A host of storage management start-ups are gunning for attention in an increasingly crowded market. But many storage solution providers question whether these vendors are doing the business equivalent of putting the cart before the horse: introducing features rather than a compelling market vision.
"The first question I have [for start-ups is, what is your [return on investment?" said Mark Romanowski, senior vice president of client services and business development at New York-based solution provider AMC. "Who is your competition? Your references? When I ask, most can't answer. Give me those answers first, not a PowerPoint presentation."
Romanowski said he is bombarded daily from start-ups looking to partner with AMC, but most talk only about features.
"The technology will take care of itself," he said. "I'm looking for a business solution. As long as the technology is tied to the business solution, [that's OK. I don't look for only new bells and whistles."
|Solution providers say start-ups need to focus first on the business proposition, then features.|
Dan Carson, vice president of marketing at Open Systems Solutions, a Yardley, Pa.-based storage solution provider, frowns on many of the start-ups because of their lack of a business proposition.
"Most of the start-ups are so parochial in their view," he said. For example, they "aim to bring all the management functions under a single interface, but really all they are doing is launching other vendors' applications. What is the value they bring?"
But even as solution providers shake their heads, the venture capital money keeps flowing to the sector, with much of it landing with up-and-comers focused on specific management functions or features.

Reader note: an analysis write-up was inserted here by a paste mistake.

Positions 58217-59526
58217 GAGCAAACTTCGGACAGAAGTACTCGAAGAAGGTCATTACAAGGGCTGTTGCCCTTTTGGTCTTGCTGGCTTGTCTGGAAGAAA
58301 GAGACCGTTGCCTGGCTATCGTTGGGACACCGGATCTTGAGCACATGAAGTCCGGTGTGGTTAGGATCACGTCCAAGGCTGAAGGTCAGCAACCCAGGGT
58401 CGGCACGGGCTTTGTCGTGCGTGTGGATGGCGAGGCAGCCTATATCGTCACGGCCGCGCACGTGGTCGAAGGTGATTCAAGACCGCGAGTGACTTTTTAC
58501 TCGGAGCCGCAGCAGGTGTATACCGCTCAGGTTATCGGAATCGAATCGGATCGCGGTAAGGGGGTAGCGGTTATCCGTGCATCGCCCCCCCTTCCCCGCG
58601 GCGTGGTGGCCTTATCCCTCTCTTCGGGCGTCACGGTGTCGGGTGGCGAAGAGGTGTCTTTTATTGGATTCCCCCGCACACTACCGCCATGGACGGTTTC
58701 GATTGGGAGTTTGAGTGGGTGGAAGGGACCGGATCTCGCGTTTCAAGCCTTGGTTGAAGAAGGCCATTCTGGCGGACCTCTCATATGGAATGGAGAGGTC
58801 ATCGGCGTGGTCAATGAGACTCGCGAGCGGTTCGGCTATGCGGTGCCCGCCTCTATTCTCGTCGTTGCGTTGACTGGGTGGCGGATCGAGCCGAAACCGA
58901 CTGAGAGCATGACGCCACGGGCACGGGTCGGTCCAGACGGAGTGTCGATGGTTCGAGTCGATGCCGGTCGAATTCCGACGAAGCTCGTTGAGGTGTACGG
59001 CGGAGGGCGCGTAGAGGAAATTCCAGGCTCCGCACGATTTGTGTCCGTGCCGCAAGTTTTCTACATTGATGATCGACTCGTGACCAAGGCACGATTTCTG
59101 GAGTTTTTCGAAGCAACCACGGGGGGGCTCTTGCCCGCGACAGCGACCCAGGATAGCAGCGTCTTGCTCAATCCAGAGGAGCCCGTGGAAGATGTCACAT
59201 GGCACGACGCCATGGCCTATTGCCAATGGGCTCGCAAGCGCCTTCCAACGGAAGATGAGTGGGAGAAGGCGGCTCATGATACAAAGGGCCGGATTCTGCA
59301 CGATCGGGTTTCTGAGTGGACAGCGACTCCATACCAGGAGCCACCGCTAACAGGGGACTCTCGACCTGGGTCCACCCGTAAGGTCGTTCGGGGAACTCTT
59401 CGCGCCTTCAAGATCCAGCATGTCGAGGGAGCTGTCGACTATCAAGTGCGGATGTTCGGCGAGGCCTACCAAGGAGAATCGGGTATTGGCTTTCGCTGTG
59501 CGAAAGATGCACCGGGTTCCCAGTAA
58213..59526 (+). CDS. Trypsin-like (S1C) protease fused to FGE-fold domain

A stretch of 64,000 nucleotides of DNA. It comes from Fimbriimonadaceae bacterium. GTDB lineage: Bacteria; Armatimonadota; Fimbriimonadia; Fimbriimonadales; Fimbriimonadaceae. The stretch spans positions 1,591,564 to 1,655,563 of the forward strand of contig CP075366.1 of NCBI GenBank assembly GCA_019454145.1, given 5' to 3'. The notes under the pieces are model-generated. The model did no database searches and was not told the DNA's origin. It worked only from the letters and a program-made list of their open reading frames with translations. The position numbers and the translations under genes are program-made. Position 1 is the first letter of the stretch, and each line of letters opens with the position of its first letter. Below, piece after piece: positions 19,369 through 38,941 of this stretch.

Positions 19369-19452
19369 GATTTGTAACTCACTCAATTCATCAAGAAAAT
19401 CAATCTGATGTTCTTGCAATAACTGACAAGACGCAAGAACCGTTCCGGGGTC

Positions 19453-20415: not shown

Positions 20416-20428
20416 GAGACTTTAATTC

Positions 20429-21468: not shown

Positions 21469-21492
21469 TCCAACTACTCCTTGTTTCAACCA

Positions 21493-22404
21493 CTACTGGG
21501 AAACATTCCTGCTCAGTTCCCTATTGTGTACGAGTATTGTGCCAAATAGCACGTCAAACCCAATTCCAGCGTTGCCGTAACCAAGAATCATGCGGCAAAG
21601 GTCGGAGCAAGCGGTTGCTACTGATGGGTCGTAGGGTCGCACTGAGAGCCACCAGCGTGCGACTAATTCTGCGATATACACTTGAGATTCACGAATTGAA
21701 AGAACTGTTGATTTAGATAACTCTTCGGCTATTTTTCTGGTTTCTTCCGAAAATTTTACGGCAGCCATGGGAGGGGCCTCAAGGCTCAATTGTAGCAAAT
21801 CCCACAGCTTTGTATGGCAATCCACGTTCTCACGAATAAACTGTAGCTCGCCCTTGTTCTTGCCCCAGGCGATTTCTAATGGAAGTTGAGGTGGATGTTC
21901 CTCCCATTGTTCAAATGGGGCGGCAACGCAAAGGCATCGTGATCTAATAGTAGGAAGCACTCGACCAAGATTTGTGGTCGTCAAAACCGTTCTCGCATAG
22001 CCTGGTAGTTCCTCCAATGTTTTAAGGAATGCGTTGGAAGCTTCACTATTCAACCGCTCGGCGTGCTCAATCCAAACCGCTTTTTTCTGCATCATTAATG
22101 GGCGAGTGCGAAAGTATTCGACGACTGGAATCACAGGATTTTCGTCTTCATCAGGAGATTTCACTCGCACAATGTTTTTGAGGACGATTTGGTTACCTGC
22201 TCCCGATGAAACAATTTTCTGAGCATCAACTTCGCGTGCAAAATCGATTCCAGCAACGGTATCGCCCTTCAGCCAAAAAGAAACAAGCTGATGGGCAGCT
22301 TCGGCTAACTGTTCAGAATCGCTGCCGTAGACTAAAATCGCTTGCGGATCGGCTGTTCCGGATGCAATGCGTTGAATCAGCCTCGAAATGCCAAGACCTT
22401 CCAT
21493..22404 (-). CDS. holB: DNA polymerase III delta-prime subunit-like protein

In December, Mountain View Data, a San Francisco-based developer of software that turns PC servers into high-performance network-attached storage appliances, secured $3 million in outside funding. Aristos Logic, a Foothill Ranch, Calif.-based spin-off of Western Digital that develops ASICs and virtualization software, received $15.5 million.
Derek Gamradt, vice president of engineering and CTO of StorNet, an Englewood, Colo.-based solution provider, said the number of start-ups is an indication of a healthy, innovative industry.
Gamradt pointed to Veritas Software's acquisition of 10-year-old The Kernal Group, developer of Bare Metal Restore, an application designed to fully automate the recovery of Windows and multiple Unix systems.
"You'd think Veritas would have developed [Bare Metal Restore a long time ago, and then along comes The Kernal Group," he said.
While many start-ups look to direct sales or OEMs to build an initial market for their products, some put channel programs in place relatively quickly.
Bocada, which develops software to simplify the reports related to large, heterogeneous backup environments, launched as a company in September and next week plans to unveil an update to its BackupReport application. The Bellevue, Wash.-based company plans to unveil a program to simplify its relationship with solution providers next week, Bocada executives said.
Invio Software plans to unveil both itself and its software next month, said Chris Hyrne, vice president of marketing. The Palo Alto, Calif.-based company,which develops network storage management software to automate management practices,is seeking solution providers but has not introduced a formal channel program, Hyrne said.